|Raiders remember Hall of Famer Gene Upshaw|
|Written by Admin|
|Thursday, 21 August 2008 13:46|
A day after he died of pancreatic cancer at age 63 at his home near California's Lake Tahoe, Upshaw was remembered by the Raiders for his accomplishments both on and off the football field.
``When I think about Gene Upshaw I think about No. 63 pulling,'' Hall of Fame cornerback Willie Brown said Thursday. ``A lot of people called it Highway 63. That's what I remember and know about Gene. When he pulled around that left side, it's like a hurricane is coming through. He wiped out everything that was there.''
I. He helped the Raiders make it to the Super Bowl in his first season and later teamed with future Hall of Famers Art Shell and Jim Otto on one of the league's best offensive lines.
Upshaw was a seven-time Pro Bowler and a first-ballot Hall of Famer, yet probably had more impact on the game in his time as union leader.
``If you look at the history of the NFL you're going to find out that he was one of the most influential people that the league has known,'' said Upshaw's former coach, John Madden. ``He did so much, not only for the players, but also for the owners, the teams, and the game of pro football.''
Raiders owner Al Davis said the world ``lost a great man'' with Upshaw's death. After spending so many years together in Oakland, Davis and Upshaw worked on opposite sides during labor negotiations in recent years.
But the strong relationship forged during their time together in Oakland helped keep labor peace in the NFL in recent years. Davis and Upshaw worked closely with former commissioner Paul Tagliabue on the last labor contract in 2006, avoiding a possible work stoppage.
``Gene Upshaw's career successes as a professional football player and a union leader are unparalleled,'' Davis said. ``He is as prominent a sportsman as the world has known. He was and will remain a part of the fabric of our lives and of the Raider mystique and legacy. We loved him and he loved us. We will miss him.''
Shell called his good friend and former teammate a ``true pioneer'' for becoming one of the few African American leaders of a major union.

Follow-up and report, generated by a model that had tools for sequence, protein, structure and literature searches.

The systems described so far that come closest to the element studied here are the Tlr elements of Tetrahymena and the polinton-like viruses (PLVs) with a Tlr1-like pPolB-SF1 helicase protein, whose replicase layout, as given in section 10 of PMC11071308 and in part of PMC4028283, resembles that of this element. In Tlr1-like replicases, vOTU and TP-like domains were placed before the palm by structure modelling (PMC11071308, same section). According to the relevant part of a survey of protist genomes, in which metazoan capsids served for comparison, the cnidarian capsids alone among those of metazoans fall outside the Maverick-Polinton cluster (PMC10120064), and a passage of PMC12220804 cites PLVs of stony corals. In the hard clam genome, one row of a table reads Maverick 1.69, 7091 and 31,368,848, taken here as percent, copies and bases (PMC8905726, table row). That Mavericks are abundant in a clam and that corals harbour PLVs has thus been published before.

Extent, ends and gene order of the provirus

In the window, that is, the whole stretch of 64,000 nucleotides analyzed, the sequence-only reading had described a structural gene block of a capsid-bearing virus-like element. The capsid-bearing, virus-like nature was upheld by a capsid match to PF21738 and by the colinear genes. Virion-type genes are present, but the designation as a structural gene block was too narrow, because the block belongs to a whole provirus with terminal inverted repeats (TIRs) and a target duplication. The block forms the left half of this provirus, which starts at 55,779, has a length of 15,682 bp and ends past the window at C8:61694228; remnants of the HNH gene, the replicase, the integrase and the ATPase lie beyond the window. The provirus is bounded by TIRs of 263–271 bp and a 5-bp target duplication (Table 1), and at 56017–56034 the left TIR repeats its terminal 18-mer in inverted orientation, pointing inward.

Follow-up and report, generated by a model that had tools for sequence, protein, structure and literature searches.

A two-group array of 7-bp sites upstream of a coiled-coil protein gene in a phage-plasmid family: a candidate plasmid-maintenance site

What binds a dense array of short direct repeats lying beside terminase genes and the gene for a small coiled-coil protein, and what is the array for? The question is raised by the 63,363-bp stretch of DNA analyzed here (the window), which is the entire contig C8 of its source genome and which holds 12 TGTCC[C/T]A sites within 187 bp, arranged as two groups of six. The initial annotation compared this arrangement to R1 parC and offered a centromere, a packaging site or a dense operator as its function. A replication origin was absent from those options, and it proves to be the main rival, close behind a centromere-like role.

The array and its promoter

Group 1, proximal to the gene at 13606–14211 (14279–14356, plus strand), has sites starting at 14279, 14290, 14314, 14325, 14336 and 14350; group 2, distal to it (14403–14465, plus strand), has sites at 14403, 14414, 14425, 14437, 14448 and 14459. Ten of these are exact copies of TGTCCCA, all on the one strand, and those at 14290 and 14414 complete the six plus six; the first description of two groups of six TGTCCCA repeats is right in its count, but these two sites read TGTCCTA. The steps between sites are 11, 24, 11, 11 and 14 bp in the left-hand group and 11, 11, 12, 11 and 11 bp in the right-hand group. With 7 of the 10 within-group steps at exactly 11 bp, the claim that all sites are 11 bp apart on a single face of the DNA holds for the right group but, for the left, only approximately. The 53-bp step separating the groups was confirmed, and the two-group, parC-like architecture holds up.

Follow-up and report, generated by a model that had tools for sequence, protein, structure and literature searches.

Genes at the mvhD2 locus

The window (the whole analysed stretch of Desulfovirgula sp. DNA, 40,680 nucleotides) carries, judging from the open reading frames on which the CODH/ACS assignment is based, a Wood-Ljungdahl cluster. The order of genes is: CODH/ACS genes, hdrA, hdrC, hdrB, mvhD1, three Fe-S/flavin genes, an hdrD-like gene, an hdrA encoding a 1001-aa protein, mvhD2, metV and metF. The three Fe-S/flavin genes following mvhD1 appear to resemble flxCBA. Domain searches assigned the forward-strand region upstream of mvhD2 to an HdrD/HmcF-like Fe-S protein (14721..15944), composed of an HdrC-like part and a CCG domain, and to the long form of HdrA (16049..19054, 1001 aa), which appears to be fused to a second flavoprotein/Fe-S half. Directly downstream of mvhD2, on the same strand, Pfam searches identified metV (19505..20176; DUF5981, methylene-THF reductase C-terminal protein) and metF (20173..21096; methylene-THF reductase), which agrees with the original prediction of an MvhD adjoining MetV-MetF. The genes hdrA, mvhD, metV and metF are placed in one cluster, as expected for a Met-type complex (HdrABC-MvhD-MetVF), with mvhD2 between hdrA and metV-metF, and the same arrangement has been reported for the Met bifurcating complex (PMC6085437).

``He was the equal of owners in negotiations and made the league a better place for all players,'' Shell said. ``Playing alongside of Gene was an honor and a privilege. He was a pillar of strength and leadership for our great Raider teams.''
Upshaw earned the nickname the governor with the Raiders, which reflected both his lofty ambitions and ability to rally players on a team full of interesting personalities around the single goal of winning.
Brown quickly saw the leadership skills in Upshaw when the two became roommates in 1967. Those skills would become more evident decades later when Upshaw led the players through their fight with ownership for free agency. That's why Brown worked so hard back in 1970 to persuade Upshaw to become a player representative.
``He fought me for a while, saying 'No, I don't want anything to do with it,''' Brown recalled. ``But when I got elected to the executive board to the players association I told Gene, 'I need you to be the player rep.' Because I saw those qualities that other people hadn't seen. I knew right away that Gene had the leadership and qualities to be a leader on and off the football field.''
That leadership was immediately evident to Matt Millen, when he joined the Raiders as a rookie in 1980. The Raiders started slowly that season, losing three of their first five games.
But they rallied to finish the season 11-5 and went on to become the first wild-card team to win the Super Bowl with a 27-10 victory over Philadelphia.
That was Upshaw's third trip to the Super Bowl, making him the first and still only player to reach the title game in three decades. The Raiders had a 155-56-7 regular-season record during Upshaw's time in Oakland, a reflection on his play and leadership as well as his teammates.
``All too often when you start talking about those old Raider teams everybody just thinks they were a bunch of nuts who just happened to play well together,'' Millen said. ``But Gene played the same way he was as an executive with the players association. Gene was very clever. He was a clever player. He was physically gifted and talented, but mentally he was a notch above because Gene would always use you against you.''
AP Sports Writer Larry Lage in Detroit contributed to this report.